Donna Huanca's work leads visitors from artificial light to darkness

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Donna Huanca's work leads visitors from artificial light to darkness
Donna Huanca. Piedra Quemada. Photo: Johannes Stoll © Belvedere, Vienna.

VIENNA.- The Belvedere invited emerging artist Donna Huanca to create a multisensory cosmos of sculpture, painting, video works, sound, and olfactory elements, including live performances within the historic rooms of the building. The Bolivian-American artist’s work leads visitors from artificial light to darkness.

In the former private chambers of Prince Eugene of Savoy, Donna Huanca’s mise en scène juxtaposes the self-asserted display of male power and virility with a female universe. The Baroque palace has become the setting for a journey from light to dark, symbolizing the movement from superficial perception to insight and understanding.

Stella Rollig, CEO of the Belvedere and curator of the exhibition, explains her motivation in presenting the innovative project: ‘We see the Belvedere’s reputation and attraction as a mandate to showcase experimental artists at the beginning of their career. It is precisely the ephemeral in Donna Huanca’s work, the volatile, that I wanted to place in a stimulating contrast with the historic building. During these times, when performance elements are of great importance in visual arts, Huanca is not only relevant but radical and as pioneering as Tino Sehgal was in the noughties.’

Models, whose bodies are adorned with colour and textile elements, move, much like tableaux vivants, engrossed and meditative through the exhibition space. They are confronted with historical counterparts in the form of life-sized, white female sculptures. The meditative character of the multisensory scenes is emphasized by a soundscape. The ephemeral atmosphere of the performance is in direct dialogue with the paintings and sculptures, which are a fixed part of the exhibition. This juxtaposition of classical sculpture and live performance generates a field of tension between stasis and flux, past and present. The traces of colour left behind on the walls by the models make time visible and ensure a continuous transformation of the space. ‘Space is transience that can be activated. This is where I see the meaning of the models: they are mediators of a fleeting process in which space is morphed and developed. For the duration of the exhibition, the models exist as a breathing system that revolves around temporality and deconstruction. They scar the space and then leave the environment changed’, says Donna Huanca.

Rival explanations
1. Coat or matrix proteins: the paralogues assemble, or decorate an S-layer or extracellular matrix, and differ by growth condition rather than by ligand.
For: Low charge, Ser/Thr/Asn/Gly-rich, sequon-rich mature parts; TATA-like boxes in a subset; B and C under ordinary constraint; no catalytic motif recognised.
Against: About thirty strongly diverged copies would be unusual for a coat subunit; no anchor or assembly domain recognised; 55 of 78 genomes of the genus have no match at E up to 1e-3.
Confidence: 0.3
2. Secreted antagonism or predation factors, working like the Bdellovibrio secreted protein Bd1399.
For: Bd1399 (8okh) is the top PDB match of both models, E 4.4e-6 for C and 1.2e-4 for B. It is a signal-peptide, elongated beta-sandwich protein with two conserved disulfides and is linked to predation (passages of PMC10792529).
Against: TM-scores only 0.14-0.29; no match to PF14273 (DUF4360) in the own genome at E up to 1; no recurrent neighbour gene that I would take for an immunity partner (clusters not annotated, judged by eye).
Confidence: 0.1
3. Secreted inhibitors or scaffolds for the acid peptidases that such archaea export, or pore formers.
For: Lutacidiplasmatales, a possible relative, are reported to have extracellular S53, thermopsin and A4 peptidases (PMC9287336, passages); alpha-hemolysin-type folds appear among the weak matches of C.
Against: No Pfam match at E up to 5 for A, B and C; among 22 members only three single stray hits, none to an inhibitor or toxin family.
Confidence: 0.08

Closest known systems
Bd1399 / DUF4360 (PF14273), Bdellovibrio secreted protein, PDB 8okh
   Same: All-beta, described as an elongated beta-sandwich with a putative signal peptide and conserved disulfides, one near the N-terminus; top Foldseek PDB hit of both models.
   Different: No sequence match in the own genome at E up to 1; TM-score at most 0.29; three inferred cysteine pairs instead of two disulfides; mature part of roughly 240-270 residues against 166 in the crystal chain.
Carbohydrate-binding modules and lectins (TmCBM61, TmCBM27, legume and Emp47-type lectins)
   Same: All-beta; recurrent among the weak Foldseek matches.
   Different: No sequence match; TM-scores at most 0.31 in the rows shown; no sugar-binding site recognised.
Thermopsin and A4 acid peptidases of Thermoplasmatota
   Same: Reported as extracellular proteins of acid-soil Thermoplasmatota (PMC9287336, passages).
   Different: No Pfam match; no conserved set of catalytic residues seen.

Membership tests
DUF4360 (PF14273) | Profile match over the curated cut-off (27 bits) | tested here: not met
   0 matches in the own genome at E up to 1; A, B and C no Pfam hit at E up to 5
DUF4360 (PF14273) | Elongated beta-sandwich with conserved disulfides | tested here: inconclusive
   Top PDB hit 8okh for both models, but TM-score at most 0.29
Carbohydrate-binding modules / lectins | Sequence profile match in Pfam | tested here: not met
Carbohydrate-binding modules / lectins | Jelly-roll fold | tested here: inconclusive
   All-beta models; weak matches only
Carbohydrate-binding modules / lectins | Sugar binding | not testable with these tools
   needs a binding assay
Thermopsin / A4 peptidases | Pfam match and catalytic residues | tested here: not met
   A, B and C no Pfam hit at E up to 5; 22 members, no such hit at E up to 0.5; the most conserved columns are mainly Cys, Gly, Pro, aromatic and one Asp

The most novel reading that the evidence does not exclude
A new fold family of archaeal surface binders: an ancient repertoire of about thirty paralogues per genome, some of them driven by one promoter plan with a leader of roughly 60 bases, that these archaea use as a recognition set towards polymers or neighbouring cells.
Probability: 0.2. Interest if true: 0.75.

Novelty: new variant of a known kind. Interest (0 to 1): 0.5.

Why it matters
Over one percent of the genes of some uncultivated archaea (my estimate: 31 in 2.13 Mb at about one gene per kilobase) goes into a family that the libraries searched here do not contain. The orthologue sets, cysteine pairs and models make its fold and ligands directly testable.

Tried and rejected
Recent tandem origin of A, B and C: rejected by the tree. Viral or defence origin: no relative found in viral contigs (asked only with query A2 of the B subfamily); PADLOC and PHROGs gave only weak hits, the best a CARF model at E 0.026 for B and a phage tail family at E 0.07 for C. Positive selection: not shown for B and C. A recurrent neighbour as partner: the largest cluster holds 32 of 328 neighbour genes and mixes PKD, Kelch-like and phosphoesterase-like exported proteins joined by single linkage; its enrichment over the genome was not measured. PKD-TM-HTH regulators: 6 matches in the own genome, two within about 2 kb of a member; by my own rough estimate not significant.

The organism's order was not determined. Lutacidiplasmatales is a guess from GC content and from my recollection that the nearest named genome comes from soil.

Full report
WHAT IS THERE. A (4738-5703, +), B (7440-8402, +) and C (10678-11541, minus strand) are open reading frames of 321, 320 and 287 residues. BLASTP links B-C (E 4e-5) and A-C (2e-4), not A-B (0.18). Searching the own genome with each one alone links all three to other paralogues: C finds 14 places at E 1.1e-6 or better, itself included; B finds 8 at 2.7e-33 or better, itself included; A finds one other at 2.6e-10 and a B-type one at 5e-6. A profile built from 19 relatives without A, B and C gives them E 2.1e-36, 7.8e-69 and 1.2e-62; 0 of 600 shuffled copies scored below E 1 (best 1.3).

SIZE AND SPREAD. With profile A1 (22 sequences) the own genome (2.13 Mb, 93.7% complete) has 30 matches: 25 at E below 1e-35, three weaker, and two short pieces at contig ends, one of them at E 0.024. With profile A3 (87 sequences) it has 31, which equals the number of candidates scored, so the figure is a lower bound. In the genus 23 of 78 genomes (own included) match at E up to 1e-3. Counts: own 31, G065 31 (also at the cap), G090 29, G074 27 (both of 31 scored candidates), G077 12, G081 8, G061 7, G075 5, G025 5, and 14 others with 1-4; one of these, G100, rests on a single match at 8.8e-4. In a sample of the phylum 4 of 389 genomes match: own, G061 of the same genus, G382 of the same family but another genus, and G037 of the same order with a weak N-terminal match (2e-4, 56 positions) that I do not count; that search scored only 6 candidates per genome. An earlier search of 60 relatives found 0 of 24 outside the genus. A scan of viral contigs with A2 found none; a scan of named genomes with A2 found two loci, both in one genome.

Models as ‘original paintings’: The artist designates her models as ‘original paintings’. She generates photographs of them, transfers those to canvas, and subsequently reworks them with paint. In the process, she revisits those colours and forms she had previously painted onto the nude bodies of the performers, thus creating a literal connection between image and performer. The human body is a recurring element in her sculptural and assemblage works. In her choice of materials, such as velvet, latex, or leather, Huanca refers to the transience of physical existence. Her video works draw attention to the human skin as a multilayered surface through which we experience the world. The close-up fusion of model, colour, and materials create moving images.

The exhibition title Piedra Quemada, loosely translated as ‘burning or burnt stone’, refers to Huanca’s examination of her Bolivian heritage and ways of seeing the world from a perspective of the Incas. The contradictory combination of the terms ‘piedra’ and ‘quemada’ addresses the duality that permeates the entire exhibition concept: light versus darkness, ignorance versus wisdom, youth versus old age. These are important aspects of her work, which can also be found in the frescoes of the Belvedere. For instance, scenes and motifs of transition and transformation can be detected in both Huanca’s works and in the rooms of the former summer residence. Huanca references the building in many ways in this work: Beginning from the Marble Hall and following the peculiarities of the Baroque architecture, the artist lays out the sequence of her work to align in a mirror image of the building’s architectural plan.

Born in Chicago in 1980, Donna Huanca studied painting at the Städelschule in Frankfurt am Main, the Skowhegan School of Painting and Sculpture in Maine, and at the University of Houston in Texas. Piedra Quemada is Donna Huanca’s first major solo show in Austria. She has had previous museum exhibitions, for instance, in 2016 at the Zabludowicz Collection in London and in 2018 at the Yuz Museum in Shanghai. The artist lives and works in Berlin. Her multidisciplinary approach connects elements from music, performance, and painting and circles around the themes of femininity and gender identity and related stereotypes and prejudices. Preoccupation with the human body—its presence in space as well as its use as a material and medium of art—is a central feature of Huanca’s multidisciplinary works, while elements such as wall rubbings and body painting reference her Bolivian roots, another recurring motif of her works.

‘What I particularly like about my works is the experience of the performance, this moment when you don't yet know where the boundaries lie, where everything will take place, whether you can get close to the performers or not. I like this unpleasant tension that arises from the situation of the live event.’ — Donna Huanca

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